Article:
Examining the Wild 2018 Oscar Race
What the mainstream public may not realize, unless they follow the awards race, is that something is happening this year that hasn’t happened before. In a normal year, by the time we get to this point in the race, two films emerge as the challengers for best picture. Last year it was “La La Land” (cinematic) versus “Moonlight” (important), before that it was “The Revenant” (cinematic) versus “Spotlight” (important), and so on. This year the consensus never settled on two particular films. The critics (who don’t vote at the Oscars) had their favorites: “Call Me By Your Name”, “Lady Bird” and “Phantom Thread”, while the guilds (the industry folks who do vote) have embraced “The Shape of Water” and “Three Billboards” and then the popular films (box office winners) were “Get Out”, “Dunkirk” and “The Post”.
Most people watching the Oscars don’t understand who votes or how the voting works. While the various branches of industry people like actors, cinematographers, and sound technicians, vote on the nominees for each category in the first stage, the entire membership of nearly 8,000 members, all get to vote on the winners (ballots were due Tuesday). When voting for a winner, in every category but one, they simply check the box beside their choice, just like voting in an election, easy. Yet, when it comes to the best picture category, the preferential ballot is used. Meaning they must rank the nine nominees from their favorite, at number one, to their least favorite, number nine.
Here is where things get tricky. A film must have 51% or more of the vote to win best picture. So, after counting all the “number one votes”, if no movie hits that magical threshold, the movie with the least number one votes is removed, and all those ballots, their number 2 vote, becomes their number one, and they count again… and so on, until one movie gets that 51%.
That being said, here is how I think things might play out this weekend. Best Picture might have nine nominees, but it’s between four films: “Three Billboards” (missing director nomination), “The Shape of Water” (wasn’t nominated for Screen Actors Guild ensemble), “Get Out” (missing editing nomination) and “Dunkirk” (has no actors nominated, also missing screenplay). Statistically speaking, they are all missing at least one thing a normal winner usually has, so no matter who wins, some of our faithful statistics will be broken for the first or second time in the 89 year history of Oscar. In the past 23 years, no movie has ever won Oscar best picture without the SAG ensemble nomination (this is what foretold “La La Land” losing last year). So that knocks ‘Shape’ out, even though it has the most nominations on Oscar night, but so did “La La Land”. Only two films in the modern era have ever won best picture without a director nomination (“Argo”/”Driving Miss Daisy”). So, the odds are against “Three Billboards”, especially with it fighting accusations of racism and negative press. Sure, “Lord of the Rings” won without actor nominations, but, c’mon, that was “Lord of the Rings”, which “Dunkirk” is not. Plus ‘Rings’ won adapted screenplay. Can “Get Out” win without an editing nomination? It’s happened 10 times before, “Birdman” most recently. Thus, I’m taking what I learned last year, and predicting “Get Out” to surprise and win Best Picture on Sunday.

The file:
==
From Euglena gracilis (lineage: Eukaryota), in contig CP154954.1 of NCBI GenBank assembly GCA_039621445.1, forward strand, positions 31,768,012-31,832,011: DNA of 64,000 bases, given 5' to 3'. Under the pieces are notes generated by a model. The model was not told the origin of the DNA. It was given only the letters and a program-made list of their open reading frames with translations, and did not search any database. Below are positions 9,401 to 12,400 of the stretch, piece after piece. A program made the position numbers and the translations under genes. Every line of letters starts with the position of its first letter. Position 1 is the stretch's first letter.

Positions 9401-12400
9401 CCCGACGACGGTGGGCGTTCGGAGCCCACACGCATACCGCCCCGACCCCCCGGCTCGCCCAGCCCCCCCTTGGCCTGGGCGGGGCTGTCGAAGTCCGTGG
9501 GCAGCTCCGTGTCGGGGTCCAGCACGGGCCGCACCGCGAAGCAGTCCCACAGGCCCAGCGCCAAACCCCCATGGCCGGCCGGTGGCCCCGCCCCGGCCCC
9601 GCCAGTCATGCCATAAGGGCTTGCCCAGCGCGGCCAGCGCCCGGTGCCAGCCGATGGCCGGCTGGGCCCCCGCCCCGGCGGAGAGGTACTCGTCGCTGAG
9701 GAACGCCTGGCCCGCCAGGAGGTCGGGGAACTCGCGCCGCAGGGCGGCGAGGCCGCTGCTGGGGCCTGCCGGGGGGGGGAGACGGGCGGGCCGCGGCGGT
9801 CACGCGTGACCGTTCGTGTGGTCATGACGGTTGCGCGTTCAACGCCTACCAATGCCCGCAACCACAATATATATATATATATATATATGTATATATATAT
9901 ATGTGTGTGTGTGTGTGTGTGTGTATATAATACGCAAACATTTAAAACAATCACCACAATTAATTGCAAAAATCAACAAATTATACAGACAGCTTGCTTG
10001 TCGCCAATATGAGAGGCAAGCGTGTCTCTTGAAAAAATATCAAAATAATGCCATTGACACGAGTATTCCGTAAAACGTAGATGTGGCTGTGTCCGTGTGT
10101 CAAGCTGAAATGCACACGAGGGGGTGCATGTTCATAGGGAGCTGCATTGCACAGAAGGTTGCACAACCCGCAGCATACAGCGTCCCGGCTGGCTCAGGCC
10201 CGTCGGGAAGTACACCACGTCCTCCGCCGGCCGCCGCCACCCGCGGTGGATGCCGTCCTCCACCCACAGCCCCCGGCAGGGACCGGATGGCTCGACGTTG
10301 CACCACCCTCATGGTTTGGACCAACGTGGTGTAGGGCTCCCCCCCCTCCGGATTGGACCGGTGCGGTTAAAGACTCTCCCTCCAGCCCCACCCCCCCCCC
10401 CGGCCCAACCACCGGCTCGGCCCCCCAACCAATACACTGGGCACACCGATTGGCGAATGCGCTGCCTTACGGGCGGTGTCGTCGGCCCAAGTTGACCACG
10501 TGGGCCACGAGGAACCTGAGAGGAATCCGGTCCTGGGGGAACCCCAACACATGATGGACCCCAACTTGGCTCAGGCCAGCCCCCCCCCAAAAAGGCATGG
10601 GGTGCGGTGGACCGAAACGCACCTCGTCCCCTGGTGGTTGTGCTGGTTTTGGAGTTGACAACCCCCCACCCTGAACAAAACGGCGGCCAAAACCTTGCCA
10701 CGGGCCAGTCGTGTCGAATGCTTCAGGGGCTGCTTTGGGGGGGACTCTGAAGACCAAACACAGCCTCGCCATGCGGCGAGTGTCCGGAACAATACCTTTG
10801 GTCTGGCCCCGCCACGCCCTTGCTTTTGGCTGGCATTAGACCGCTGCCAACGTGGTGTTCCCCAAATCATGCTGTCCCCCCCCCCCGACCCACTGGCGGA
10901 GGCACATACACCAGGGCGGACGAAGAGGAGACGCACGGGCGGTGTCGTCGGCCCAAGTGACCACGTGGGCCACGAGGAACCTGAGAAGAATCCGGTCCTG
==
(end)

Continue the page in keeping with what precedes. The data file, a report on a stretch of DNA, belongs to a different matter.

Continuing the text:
A look at the other races: Director is a lock for Guillermo Del Toro (“Shape of Water”) who has won every award possible this season. The acting races seem sewn up too, although if the same winners from Golden Globes, SAG, Critics Choice and BAFTA repeat on Oscar night, it will be the first time of unanimous quadruple consensus among all the different groups. Side note, there is always one surprise, but who will it be?
Gary Oldman (“Darkest Hour”) seems safe in best actor, unless 22-year-old Timothee Chalamet (“Call Me By Your Name”) shocks the world to become the youngest best actor winner ever. Frances McDormand (“Three Billboards”) seems well on her way to win Oscar number two, but in her SAG speech she told the audience “give it to someone younger”, maybe three-time nominee Saoirse Ronan (“Lady Bird”)? Despite the films backlash for Sam Rockwell’s character in ‘Billboards’ he is the odds-on favorite for supporting actor. It might be in supporting actress where you see the first shocker of the night if Laurie Metcalf (“Lady Bird”) beats out miss popularity Allison Janney (“I Tonya”), but I wouldn’t bet on it.
Original screenplay is a best picture/best director part two, since all the directors also wrote their own screenplay, this category is a chance to spread the wealth, but I think whether I am right or wrong about best picture, Jordan Peele (“Get Out”) will repeat his Writers Guild and Critics Choice Award victory. “Call Me By Your Name” will easily nab the adapted screenplay. Despite Lady Bird’s popularity, most fear it will go home empty handed unless it pulls off some kind of surprise with one of its five nominations. If you want to see the rest of my predictions or have questions about the race or any of the films, find me on facebook and twitter @TexasArtFilm.
Dustin’s Full Oscar Predictions
Best Picture – Get Out
Best Director – The Shape of Water
Best Actor – Darkest Hour
Best Actress – Three Billboards
Supporting Actor – Three Billboards
Supporting Actress – I Tonya
Adapted Screenplay – Call Me By Your Name
Original Screenplay – Get Out
Film Editing – Dunkirk
Foreign Film – A Fantastic Woman
Cinematography – Blade Runner 2049
Production Design – The Shape of Water
Costume Design – Phantom Thread
Makeup/Hair – Darkest Hour
Visual Effects – Blade Runner 2049
Original Score – The Shape of Water
Original Song – Coco
Sound Editing – Dunkirk
Sound Mixing – Dunkirk